Hand Hygiene

March 1, 2009 | Aging Services Risk, Quality, & Safety Guidance


According to the Centers for Disease Control and Prevention (CDC), proper hand hygiene by healthcare workers is the most important practice for preventing healthcare-associated infections. In its October 2002 guideline on hand hygiene in healthcare settings, CDC recommends the use of alcohol rubs as the preferred method for routine decontamination of healthcare workers’ hands; however, soap-and-water handwashing is also permitted or required if hands appear visibly soiled. In 2005, the World Health Organization (WHO) issued hand hygiene recommendations that are almost identical to those issued by CDC. Several organizations have endorsed CDC and WHO recommendations, including the Joint Commission, which requires accredited facilities to implement CDC or WHO category I recommendations under its National Patient Safety Goal for controlling the spread of healthcare-associated infections.

Each year, about 2 million individuals develop a healthcare-associated infection, about 90,000 of whom die. Rates of healthcare-associated infections in long-term care facilities are similar to rates in acute care settings. Because of factors such as age-related decline in immunity, immobility, incontinence, use of multiple medications, and high dependence on healthcare workers for activities of daily living, older adults in long-term care settings are at a high risk of infection. Infections are the leading cause of resident transfers to hospitals, resulting in hospital costs totaling about $673 million to $2 billion each year. (Smith et al. “SHEA/APIC”) Overall, treating healthcare-associated infections totals more than $30 billion in preventable healthcare costs per year (The Leapfrog Group).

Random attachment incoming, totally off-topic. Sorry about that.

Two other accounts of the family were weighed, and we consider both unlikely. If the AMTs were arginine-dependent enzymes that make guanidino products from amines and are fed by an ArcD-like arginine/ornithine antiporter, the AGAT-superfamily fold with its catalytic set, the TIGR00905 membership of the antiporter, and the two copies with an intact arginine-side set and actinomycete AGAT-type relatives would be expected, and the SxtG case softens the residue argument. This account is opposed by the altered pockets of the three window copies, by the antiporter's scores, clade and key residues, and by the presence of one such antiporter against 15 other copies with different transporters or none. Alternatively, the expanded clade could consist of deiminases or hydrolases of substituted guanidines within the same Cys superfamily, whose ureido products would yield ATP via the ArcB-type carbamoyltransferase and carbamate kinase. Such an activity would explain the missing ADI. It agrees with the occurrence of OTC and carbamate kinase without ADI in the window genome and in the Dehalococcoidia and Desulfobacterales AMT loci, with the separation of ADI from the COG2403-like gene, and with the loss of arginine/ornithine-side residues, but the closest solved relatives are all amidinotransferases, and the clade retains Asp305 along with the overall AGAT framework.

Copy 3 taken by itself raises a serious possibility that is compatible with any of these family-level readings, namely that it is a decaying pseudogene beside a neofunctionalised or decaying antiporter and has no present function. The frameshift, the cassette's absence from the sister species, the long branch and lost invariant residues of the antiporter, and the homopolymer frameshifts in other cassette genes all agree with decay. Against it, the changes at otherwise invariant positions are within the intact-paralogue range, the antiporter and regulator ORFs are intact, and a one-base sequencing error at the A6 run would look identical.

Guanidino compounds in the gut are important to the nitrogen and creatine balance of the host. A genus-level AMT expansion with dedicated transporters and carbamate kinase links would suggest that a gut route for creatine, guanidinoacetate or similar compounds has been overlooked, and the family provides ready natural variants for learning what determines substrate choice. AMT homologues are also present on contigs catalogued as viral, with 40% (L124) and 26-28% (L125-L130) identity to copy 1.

Despite the focus on hand hygiene as an important resident safety practice, compliance is often low, and data indicates that compliance rates among healthcare workers are below 50% (Littau). Some research indicates that compliance rates among long-term care workers may be lower than among other healthcare workers (Smith et al. “Hand Hygiene”); recent studies found compliance rates of 15% (Smith et al. “Hand Hygiene”) and 18% (Pan et al.) among workers in long-term care facilities.

This Risk Analysis outlines standards and guidelines related to hand hygiene, such as those from CDC, WHO, the Joint Commission, and the Centers for Medicare & Medicaid Services (CMS). In addition, barriers to hand hygiene compliance and strategies for improving compliance are discussed. (See Definitions for definitions of terms related to hand hygiene. ...

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